The Bauhaus art school was founded in Weimar 100 years ago and Charlotte Perriand died in Paris 20 years ago. The Fondation Louis Vuitton is now shining the spotlight on her and her work.
Standing amid a snow-covered mountain panorama with her back facing the camera, Charlotte Perriand (1903–1999) stretches her arms up into the sky like an athlete celebrating victory. Her torso is naked and her hair is short and it looks like she wants to embrace her surroundings, to celebrate life. This image is most probably the most emblematic portrait of the designer and was taken in 1930 during her skiing holiday in the French Alps. It shows Perriand, the summiteer; Perriand, a modern and free woman. She was an independent and courageous character for her era, both sporty and inquisitive. She loved to travel alone to countries far away, from Asia to Africa and as far as Brazil, and she was probably the first woman to go skiing in Japan.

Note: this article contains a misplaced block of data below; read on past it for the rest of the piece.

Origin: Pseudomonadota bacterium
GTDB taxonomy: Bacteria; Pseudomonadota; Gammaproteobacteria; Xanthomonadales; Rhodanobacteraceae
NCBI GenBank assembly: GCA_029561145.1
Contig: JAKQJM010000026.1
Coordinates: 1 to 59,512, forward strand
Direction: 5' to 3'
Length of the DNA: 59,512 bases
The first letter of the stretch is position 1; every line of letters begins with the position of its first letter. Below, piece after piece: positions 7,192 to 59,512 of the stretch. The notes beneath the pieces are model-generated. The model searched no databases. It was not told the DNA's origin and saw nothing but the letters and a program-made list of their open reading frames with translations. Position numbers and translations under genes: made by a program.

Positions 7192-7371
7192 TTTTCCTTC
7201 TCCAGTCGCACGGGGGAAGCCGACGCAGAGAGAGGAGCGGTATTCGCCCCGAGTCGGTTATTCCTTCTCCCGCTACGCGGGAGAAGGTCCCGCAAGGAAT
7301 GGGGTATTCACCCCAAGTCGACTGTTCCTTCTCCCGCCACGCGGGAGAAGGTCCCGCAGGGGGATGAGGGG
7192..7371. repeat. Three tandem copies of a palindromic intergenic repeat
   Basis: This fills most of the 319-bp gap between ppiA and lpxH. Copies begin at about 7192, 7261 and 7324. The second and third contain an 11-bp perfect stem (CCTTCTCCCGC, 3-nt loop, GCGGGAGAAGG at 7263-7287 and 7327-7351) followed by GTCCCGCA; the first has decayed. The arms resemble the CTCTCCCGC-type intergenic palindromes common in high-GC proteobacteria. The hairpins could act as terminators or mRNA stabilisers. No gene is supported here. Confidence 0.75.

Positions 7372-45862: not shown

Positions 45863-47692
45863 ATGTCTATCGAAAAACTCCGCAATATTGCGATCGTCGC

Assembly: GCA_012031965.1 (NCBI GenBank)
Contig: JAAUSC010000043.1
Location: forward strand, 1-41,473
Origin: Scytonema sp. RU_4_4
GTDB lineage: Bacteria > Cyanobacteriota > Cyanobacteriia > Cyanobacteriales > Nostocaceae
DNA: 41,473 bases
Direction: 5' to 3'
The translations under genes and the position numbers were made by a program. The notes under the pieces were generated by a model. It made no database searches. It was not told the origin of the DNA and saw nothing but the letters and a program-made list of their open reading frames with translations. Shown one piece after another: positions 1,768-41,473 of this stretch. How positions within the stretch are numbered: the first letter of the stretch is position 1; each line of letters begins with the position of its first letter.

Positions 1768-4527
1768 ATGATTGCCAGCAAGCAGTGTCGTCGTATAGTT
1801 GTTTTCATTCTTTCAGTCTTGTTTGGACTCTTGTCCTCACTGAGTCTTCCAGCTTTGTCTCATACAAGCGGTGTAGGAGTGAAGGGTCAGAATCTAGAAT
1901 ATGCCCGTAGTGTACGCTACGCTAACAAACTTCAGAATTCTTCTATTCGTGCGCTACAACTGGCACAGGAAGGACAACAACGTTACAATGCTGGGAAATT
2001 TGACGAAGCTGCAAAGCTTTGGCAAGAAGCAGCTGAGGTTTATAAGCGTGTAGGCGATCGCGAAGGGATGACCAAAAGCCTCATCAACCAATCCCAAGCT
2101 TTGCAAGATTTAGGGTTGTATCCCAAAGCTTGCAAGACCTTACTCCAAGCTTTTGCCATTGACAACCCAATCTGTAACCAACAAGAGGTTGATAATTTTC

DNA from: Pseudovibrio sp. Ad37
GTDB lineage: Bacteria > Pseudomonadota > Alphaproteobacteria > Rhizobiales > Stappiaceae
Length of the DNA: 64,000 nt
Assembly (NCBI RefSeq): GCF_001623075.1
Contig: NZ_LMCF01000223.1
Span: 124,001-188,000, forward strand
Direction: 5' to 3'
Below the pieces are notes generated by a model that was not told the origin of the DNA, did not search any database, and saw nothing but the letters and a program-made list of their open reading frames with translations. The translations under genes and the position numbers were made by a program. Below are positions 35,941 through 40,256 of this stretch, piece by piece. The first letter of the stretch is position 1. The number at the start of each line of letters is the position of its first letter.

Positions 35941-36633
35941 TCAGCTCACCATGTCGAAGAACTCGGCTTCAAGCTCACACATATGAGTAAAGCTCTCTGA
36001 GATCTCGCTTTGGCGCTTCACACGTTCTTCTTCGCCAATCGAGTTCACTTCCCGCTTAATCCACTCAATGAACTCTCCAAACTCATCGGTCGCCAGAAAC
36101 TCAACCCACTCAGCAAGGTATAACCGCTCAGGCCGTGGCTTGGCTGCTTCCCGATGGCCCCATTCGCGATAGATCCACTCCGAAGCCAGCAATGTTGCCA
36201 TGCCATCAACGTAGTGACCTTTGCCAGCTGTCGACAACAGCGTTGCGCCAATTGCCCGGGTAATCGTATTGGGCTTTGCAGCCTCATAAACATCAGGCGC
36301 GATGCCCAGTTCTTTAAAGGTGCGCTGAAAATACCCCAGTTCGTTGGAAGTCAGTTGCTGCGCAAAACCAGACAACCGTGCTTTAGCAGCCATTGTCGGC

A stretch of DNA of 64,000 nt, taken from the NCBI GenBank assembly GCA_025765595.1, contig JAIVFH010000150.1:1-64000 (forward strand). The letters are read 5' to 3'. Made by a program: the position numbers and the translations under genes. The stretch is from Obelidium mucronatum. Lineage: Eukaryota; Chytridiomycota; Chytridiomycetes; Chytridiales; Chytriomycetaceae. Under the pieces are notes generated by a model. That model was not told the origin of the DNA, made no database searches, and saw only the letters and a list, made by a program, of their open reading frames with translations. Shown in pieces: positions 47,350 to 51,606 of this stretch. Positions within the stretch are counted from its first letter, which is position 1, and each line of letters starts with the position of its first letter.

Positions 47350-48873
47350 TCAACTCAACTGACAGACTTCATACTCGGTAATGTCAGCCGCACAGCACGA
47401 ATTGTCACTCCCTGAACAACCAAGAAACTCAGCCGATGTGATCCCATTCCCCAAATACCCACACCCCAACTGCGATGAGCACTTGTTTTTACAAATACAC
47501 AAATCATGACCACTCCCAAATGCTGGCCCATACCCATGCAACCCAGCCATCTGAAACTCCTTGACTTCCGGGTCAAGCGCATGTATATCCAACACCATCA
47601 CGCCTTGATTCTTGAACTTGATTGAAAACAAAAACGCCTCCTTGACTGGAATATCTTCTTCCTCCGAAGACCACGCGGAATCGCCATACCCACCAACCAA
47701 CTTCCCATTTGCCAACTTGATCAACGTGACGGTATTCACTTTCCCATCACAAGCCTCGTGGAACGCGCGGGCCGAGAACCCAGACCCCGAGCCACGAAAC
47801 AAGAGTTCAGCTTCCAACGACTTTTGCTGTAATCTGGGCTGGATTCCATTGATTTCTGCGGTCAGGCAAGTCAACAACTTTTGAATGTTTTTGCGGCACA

The famous “LC4” chaise longue, which people often refer to as the “Le Corbusier” lounger despite the fact that Perriand played an equally important role in its design, is just one of a multitude of classic pieces of modernist furniture created by Perriand in her work as an architect. Back in 2013, her minimalistic and pragmatic yet highly aesthetic style even inspired a fashion collection by Louis Vuitton. In December of the same year, Louis Vuitton realised a previously incomplete architectural project conceived by Perriand at the Art Basel Miami Beach: the “Beach House”, a prefabricated house that was affordable for the broad middle class and was designed by the left-wing activist in 1934, at the height of her political engagement. Charlotte’s daughter Pernette, who is now responsible for managing her famous mother’s legacy, supported the project by quite literally opening the doors to the bedrooms, archives and photo albums of the most important French female designer of the 20th century. She has done the same for this upcoming exhibition: the largest retrospective to ever be dedicated to her mother. All of the Fondation’s galleries will be filled with the work of Charlotte Perriand and provide an insight into her deep exploration of the modern trends of her era, with meticulously reconstructed rooms focusing on themes ranging from art and architecture through to design and politics and right through to fashion. These installations will enable visitors to not only make their way through what could indeed be called a synthesis of the arts but also take a journey back in time.